Production Scheduling Approaches

Read these sections, which highlight key problems in production scheduling. How can job sequencing and priority rules help to alleviate the key problems? Can you identify the different rules that affect job sequencing and priority rules in operations management?

1. Introduction

Scheduling is essentially the short-term execution plan of a production planning model. Production scheduling consists of the activities performed in a manufacturing company in order to manage and control the execution of a production process. A schedule is an assignment problem that describes into details (in terms of minutes or seconds) which activities must be performed and how the factory's resources should be utilized to satisfy the plan. Detailed scheduling is essentially the problem of allocating machines to competing jobs over time, subject to the constraints. Each work center can process one job at a time and each machine can handle at most one task at a time. A scheduling problem, typically, assumes a fixed number of jobs and each job has its own parameters (i.e., tasks, the necessary sequential constraints, the time estimates for each operation and the required resources, no cancellations). All scheduling approaches require some estimate of how long it takes to perform the work. Scheduling affects, and is affected by, the shop floor organization. All scheduling changes can be projected over time enabling the identification and analysis of starting time, completion times, idle time of resources, lateness, etc.

A right scheduling plan can drive the forecast to anticipate completion date for each released part and to provide data for deciding what to work on next. Questions about "Can we do it?" and/or "How are we doing?" presume the existence of approaches for optimisation. The aim of a scheduling study is, in general, to perform the tasks in order to comply with priority rules and to respond to strategy. An optimal short-term production planning model aims at gaining time and saving opportunities. It starts from the execution orders and it tries to allocate, in the best possible way, the production of the different items to the facilities. A good schedule starts from planning and springs from respecting resource conflicts, managing the release of jobs to a shop, and optimizing completion time of all jobs. It defines the starting time of each task and determines whatever and how delivery promises can be met. The minimization of one or more objectives has to be accomplished (e.g., the number of jobs that are shipped late, the minimization set up costs, the maximum completion time of jobs, maximization of throughput, etc.). Criteria could be ranked from applying simple rules to determine which job has to be processed next at which work-centre (i.e., dispatching) or to the use of advanced optimizing methods that try to maximize the performance of the given environment. Fortunately many of these objectives are mutually supportive (e.g., reducing manufacturing lead time reduces work in process and increases probability to meeting due dates). To identify the exact sequence among a plethora of possible combinations, the final schedule needs to apply rules in order to quantify urgency of each order (e.g., assigned order's due date - defined as global exploited strategy; amount of processing that each order requires - generally the basis of a local visibility strategy). It's up to operations management to optimize the use of limited resources. Rules combined into heuristic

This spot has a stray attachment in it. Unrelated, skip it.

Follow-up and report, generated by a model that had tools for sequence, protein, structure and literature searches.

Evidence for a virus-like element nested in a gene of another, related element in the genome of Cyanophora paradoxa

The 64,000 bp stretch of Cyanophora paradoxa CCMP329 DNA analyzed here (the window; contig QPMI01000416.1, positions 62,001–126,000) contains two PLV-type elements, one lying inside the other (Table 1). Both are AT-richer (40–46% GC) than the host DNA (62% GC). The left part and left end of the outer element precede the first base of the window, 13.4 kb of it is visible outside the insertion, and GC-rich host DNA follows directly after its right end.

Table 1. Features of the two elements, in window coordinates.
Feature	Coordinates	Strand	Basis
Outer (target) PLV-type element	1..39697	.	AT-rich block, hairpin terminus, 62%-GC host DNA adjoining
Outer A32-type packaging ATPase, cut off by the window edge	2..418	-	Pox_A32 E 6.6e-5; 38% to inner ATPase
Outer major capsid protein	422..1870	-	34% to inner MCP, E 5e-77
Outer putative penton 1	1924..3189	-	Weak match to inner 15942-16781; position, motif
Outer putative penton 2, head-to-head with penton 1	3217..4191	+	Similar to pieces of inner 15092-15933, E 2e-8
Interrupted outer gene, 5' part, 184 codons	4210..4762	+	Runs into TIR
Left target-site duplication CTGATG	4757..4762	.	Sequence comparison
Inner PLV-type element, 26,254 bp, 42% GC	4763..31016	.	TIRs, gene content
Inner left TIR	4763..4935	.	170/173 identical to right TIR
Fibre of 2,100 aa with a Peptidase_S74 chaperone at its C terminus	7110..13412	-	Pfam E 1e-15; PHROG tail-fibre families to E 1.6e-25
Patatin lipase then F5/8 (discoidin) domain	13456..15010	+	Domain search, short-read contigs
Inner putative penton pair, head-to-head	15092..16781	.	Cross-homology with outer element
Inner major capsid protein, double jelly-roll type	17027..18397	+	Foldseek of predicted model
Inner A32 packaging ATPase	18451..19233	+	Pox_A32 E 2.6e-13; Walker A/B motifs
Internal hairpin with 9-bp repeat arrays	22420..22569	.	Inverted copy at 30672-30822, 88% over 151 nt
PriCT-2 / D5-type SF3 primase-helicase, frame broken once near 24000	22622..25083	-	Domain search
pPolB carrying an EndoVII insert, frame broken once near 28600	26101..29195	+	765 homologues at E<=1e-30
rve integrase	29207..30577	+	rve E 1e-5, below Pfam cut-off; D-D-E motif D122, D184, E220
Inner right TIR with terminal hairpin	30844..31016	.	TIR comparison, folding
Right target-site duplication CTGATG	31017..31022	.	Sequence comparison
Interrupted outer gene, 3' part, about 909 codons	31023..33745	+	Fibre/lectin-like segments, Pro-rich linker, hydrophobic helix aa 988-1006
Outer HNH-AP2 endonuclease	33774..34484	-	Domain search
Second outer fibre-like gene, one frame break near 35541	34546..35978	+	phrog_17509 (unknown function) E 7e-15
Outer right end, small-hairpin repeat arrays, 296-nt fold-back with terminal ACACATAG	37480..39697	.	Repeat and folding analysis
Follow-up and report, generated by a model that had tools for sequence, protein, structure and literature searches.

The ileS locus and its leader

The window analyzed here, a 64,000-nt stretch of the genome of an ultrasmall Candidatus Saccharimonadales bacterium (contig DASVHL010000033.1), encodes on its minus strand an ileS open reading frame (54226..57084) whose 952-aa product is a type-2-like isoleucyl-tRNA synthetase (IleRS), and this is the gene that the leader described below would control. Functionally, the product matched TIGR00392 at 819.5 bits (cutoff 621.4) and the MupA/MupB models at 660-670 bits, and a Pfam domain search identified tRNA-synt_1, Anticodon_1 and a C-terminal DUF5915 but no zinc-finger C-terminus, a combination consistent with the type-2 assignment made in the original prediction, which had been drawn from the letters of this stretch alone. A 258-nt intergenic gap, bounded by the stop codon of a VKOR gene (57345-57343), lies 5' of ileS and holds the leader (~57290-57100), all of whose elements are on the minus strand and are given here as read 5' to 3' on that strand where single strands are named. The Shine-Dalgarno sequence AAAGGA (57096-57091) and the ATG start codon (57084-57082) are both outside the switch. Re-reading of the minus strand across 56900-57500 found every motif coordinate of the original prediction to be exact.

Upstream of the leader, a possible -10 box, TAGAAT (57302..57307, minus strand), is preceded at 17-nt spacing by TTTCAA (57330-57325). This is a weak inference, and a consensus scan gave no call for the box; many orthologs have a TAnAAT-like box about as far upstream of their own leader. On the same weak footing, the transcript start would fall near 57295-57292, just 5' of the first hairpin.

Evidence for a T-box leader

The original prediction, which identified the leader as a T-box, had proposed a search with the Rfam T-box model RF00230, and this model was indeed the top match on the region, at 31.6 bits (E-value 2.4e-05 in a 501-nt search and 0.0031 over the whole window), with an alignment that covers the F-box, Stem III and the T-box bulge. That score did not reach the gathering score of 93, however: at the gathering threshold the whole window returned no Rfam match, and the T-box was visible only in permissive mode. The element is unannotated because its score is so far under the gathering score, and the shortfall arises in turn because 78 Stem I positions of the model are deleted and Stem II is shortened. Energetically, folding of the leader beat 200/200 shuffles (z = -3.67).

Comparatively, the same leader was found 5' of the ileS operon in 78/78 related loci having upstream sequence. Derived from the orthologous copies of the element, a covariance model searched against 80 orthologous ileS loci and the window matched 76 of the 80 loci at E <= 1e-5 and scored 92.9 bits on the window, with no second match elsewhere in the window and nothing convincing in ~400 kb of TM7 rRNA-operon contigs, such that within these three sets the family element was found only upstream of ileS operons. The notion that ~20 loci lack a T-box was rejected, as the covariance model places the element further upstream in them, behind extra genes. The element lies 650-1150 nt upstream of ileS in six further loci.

The etymology of the word heuristic derives from a Greek word heurìsco (єΰρισκω) - it means "to find"- and is considered the art of discovering new strategy rules to solve problems. Heuristics aims at a solution that is "good enough" in a computing time that is "small enough".

approaches and, more in general, in upper level multi-objective methodologies (i.e., meta-heuristics), The term metaheuristc originates from union of prefix meta (μєτα) - it means "behind, in the sense upper level methodology" – and word heuristic - it means "to find". Metaheuristcs' search methods can be defined as upper level general methodologies guiding strategies in designing heuristics to obtain optimisation in problems, become the only methods for scheduling when dimension and/or complexity of the problem is outstanding. In the past few years, metaheuristics have received much attention from the hard optimization community as a powerful tool, since they have been demonstrating very promising results from experimentation and practices in many engineering areas. Therefore, many recent researches on scheduling problems focused on these techniques. Mathematical analyses of metaheuristics have been presented in literature.

This research examines the main characteristics of the most promising meta-heuristic approaches for the general process of a Job Shop Scheduling Problems (i.e., JSSP). Being a NP complete and highly constrained problem, the resolution of the JSSP is recognized as a key point for the factory optimization process. The chapter examines the soundness and key contributions of the 7 meta-heuristics (i.e., Genetics Approaches, Ants Colony Optimization, Bees Algorithm, Electromagnetic Like Algorithm, Simulating Annealing, Tabu Search and Neural Networks), those that improved the production scheduling vision. It reviews their accomplishments and it discusses the perspectives of each meta approach. The work represents a practitioner guide to the implementation of these meta-heuristics in scheduling job shop processes. It focuses on the logic, the parameters, representation schemata, and operators they need.

Source: Marcello Fera, Fabio Fruggiero, Alfredo Lambiase, Giada Martino, and Maria Elena Nenni,
Creative Commons License This work is licensed under a Creative Commons Attribution 3.0 License.